Out of a
South Korean
Orphanage and Into the World

My adopting father told me he met my mother, and he negotiated with her.

Birth Year

1954

Adoption Year

1958

Adoptive Country

United States

A documentary
film project by
Glenn Morey and
Julie Morey

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  • Birth Year+
    • 1940s
    • 1950s
    • 1960s
    • 1970s
    • 1980s
    • 1990s
  • Gender+
    • Female
    • Male
  • Adoption Year+
    • Less Than 2
    • 2-6
    • More Than 6
  • Adoptive Country+
    • Australia
    • Denmark
    • France
    • Netherlands
    • Sweden
    • Switzerland
    • United States
  • Aged out of Orphanage+
    • Yes
    • No
  • Subject Matter+
    • Being Mixed Race
    • Have Contacted Biological Family
    • Being Mothers and Fathers
  • Clear Filterx
  • 7 countries
  • 6 languages
  • 16 cities
  • 100 stories

An international journey through the personal memories and experiences of abandonment, relinquishment, orphanages, aging out, and inter-country adoption from South Korea

 
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  • I ask myself a lot of questions about my ability to be a mother.

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  • I remember walking down a dirt road in Korea, and crying.

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  • We always felt we were Danish children, with Danish values and norms.

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  • My mother thinks that I’m happy all the time, not how I have struggled.

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  • My adoptive parents are Korean. I found out I was adopted 3 years ago.

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  • People say my happy appearance is impressive, given my childhood.

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  • My oldest son got me a DNA test, and it stated I’m 100% Japanese.

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  • I don’t remember much, except the crying—all those unhappy children.

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  • My birth mother has remarried, and her husband can’t know that I exist.

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  • Adoption includes the first family. The child did not appear from nowhere.

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  • God, why am I here? Why did you put me in this household?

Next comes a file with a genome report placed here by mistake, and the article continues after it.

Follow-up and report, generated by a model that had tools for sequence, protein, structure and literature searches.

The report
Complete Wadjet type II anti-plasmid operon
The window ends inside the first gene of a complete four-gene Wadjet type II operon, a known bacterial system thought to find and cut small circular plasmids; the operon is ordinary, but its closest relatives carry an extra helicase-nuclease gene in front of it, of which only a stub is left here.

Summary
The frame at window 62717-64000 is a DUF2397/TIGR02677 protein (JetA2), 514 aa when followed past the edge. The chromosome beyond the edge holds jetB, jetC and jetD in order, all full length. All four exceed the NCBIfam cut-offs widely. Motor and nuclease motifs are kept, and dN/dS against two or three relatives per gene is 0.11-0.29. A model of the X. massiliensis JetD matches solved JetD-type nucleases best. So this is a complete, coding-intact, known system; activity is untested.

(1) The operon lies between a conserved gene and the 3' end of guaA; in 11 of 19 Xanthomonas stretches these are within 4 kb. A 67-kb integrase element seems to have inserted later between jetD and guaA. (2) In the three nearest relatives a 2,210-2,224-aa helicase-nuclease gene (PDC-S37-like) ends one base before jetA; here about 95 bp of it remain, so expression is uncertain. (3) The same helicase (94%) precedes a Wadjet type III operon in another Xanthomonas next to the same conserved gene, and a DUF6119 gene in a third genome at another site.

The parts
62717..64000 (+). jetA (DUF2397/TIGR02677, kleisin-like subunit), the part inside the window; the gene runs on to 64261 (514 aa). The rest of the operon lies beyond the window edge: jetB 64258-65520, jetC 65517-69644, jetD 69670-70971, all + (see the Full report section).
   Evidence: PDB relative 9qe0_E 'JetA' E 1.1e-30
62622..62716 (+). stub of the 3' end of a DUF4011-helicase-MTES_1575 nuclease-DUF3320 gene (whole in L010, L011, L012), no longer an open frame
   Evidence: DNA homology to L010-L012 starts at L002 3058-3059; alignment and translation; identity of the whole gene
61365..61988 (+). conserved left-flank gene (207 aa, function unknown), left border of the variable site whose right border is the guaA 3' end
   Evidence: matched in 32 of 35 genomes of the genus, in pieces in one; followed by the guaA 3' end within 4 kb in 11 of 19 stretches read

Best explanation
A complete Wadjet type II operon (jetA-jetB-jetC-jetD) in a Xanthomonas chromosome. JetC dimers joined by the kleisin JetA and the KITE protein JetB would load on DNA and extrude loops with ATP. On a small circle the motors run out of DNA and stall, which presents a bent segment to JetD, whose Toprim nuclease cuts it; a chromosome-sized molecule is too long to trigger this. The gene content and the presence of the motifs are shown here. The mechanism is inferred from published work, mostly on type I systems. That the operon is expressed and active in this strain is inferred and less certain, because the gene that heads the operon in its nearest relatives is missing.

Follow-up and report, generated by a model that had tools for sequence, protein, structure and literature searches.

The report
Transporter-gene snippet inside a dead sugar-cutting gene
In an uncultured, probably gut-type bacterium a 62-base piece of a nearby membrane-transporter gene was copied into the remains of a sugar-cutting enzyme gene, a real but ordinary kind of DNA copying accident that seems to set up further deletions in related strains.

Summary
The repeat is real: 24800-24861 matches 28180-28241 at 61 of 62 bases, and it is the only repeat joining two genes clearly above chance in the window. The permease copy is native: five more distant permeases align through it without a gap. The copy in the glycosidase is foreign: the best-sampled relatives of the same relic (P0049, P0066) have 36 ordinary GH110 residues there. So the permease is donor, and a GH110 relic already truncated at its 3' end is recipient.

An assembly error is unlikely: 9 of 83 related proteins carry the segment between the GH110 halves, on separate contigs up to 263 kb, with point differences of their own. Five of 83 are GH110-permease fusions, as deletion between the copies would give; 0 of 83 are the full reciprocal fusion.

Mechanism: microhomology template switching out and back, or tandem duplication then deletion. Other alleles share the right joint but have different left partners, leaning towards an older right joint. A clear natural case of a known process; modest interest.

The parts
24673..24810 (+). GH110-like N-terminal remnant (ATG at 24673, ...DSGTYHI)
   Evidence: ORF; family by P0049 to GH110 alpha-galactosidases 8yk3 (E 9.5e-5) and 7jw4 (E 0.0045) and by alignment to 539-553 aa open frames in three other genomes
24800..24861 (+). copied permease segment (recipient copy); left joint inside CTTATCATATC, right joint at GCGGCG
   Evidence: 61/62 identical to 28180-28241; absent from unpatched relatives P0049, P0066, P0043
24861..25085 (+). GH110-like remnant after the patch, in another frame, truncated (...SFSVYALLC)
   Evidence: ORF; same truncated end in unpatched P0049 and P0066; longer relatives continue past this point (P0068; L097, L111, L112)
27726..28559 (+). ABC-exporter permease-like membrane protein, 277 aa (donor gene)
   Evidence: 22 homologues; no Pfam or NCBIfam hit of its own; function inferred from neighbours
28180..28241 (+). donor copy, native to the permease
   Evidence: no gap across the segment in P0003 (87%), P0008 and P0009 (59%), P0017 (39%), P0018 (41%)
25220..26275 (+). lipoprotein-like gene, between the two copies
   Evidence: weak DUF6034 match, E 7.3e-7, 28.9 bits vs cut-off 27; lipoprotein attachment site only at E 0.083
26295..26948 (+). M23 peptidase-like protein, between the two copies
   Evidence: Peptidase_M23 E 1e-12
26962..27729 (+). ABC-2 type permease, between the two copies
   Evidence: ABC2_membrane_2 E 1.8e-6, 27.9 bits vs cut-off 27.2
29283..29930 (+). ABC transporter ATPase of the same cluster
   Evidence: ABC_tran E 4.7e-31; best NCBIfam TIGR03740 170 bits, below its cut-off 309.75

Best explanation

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  • We have to stop turning ourselves into victims.

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  • Learning Korean really made me the most in touch with being Korean.

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  • My mom told me herself that I was born on the floor at home.

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  • My adoptive parents loved me so much, before they even had me.

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  • For the first time, I saw other adoptees who looked a bit like me.

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  • It took my birth father 35 years of searching. He finally found me 3 years ago.

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  • Mild curiosity grew into a need to connect with adoptees and Korean-Americans.

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  • It’s good to feel like you can acknowledge the complexities around adoption.

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  • In Korea, I can feel the way people look at me, and I lose confidence.

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  • There’s a different layer on life when someone chooses you.

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  • As of today, I do not know who is telling the truth, and who is not.

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  • My facility experience has made me tough. I don’t cry over small things.

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  • When I married, I hid my history. Afterwards, the truth became known.

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  • My biological father is standing there, leaning over a motorcycle.

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  • My mom’s comment to me was, “You should be dating your own kind.”

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  • A feeling of detachment, and an inability to connect with anybody.

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  • She gave me a ring she was wearing and said, “We have the same hands.”

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  • I have chosen to see adoption as a part of my life, not the driver.